Trademarks are used to identify a particular product or service. Often companies invest a significant amount of money in introducing and establishing a trademark. To protect this investment, it is essential to grant the exclusive use of this trademark for the investor.
In general, there are two different ways to protect a trademark in Thailand:
1. Local trademark rights
The local trademark registration follows the international standardized classification of the Nice System. Local trademark protection is ensured by the Trademark Act (No.3) B.E. 2559 (2016), where a trademark can be registered at the Department of Intellectual Property (DIP). The registration fee is 1000 THB for one to five items, and 9000 THB for more than five items. Registration is valid for 10 years and extendable for a further 10 years by paying a fee to the DIP. It is required that the owner of the trademark is a natural or juristic person located in Thailand. A natural person is required to be a Thai citizen. For juristic persons, it is possible to register a trademark in the name of a Thai affiliated company. Trademark protection under the Trademark Act only grants protection in Thailand; other ASEAN-Countries are not included.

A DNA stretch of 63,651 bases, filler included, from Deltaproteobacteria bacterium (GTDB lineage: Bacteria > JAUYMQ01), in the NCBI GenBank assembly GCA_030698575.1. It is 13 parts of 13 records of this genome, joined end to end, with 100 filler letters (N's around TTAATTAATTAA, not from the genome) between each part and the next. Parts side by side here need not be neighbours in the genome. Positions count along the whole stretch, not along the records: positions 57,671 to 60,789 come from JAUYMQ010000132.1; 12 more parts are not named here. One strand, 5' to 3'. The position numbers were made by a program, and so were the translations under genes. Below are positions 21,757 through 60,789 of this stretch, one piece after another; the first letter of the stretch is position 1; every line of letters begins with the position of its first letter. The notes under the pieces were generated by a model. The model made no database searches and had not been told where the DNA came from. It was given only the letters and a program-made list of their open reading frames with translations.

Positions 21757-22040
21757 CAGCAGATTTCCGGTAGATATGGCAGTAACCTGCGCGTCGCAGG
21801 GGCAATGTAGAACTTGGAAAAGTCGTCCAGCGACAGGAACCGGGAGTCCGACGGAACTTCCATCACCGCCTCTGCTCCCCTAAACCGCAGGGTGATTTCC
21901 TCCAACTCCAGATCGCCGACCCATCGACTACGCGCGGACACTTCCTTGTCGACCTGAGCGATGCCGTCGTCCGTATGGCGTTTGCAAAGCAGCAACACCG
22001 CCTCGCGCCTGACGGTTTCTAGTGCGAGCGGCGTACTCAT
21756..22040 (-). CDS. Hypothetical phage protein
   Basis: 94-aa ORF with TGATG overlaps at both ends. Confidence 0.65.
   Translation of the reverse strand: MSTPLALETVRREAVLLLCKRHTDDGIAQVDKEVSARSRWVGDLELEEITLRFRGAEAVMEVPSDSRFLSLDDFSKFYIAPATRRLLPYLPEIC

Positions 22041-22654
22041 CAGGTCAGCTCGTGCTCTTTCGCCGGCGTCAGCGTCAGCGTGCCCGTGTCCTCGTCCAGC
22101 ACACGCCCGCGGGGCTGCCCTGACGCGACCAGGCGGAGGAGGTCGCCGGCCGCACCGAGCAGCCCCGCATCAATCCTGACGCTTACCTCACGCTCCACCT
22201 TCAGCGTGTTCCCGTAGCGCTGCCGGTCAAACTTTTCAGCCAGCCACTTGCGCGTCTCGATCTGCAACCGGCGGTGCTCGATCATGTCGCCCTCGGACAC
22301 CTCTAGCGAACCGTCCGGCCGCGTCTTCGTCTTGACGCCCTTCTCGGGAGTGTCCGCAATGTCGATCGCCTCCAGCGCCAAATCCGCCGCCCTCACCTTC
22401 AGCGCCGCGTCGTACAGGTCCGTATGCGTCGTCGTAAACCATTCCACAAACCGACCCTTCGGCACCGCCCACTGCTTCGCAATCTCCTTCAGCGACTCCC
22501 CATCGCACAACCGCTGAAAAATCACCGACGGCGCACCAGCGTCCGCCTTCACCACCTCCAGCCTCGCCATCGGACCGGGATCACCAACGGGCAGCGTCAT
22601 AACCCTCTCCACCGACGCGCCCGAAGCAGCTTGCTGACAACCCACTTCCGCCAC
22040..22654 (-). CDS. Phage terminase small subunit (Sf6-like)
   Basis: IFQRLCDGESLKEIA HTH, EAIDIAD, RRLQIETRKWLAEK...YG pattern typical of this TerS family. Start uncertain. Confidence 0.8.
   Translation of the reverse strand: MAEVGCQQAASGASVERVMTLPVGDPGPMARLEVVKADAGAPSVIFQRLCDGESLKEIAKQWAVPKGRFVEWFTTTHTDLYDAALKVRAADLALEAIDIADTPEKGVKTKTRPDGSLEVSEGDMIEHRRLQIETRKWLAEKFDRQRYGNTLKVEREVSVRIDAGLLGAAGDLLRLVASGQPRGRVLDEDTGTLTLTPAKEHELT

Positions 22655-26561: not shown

2. Madrid Protocol
After the Kingdom of Thailand joined the Madrid Agreement Concerning the International Registration of Marks (Madrid Protocol) on August 7, 2017, which came into effect on November 7, 2017, it is now possible to ensure the protection of a trademark internationally. The preservation of the trademark is guaranteed in the majority of the ASEAN countries; the exceptions are Malaysia and Myanmar.
The Madrid Protocol provides a system, which allows a trademark owner with an existing trademark registration – the so-called basic registration – in a member-state of the Madrid system, to extend the trademark to other member states by applying for a so-called international registration.
This centrally administrable system allows its users to obtain multiple trademark registrations in separate jurisdictions. The certification under the Madrid Protocol creates a bundle of national rights that can be managed easily. The period of protection is also 10 years and can be extended by a further 10 years. The applicant should be aware, that a refusal, withdrawal or cancellation of the basic registration within five years after its registration will have the same consequence on the international registration.
The content of this article is intended to provide a general guide to the subject matter. Specialist advice should be sought about your specific circumstances.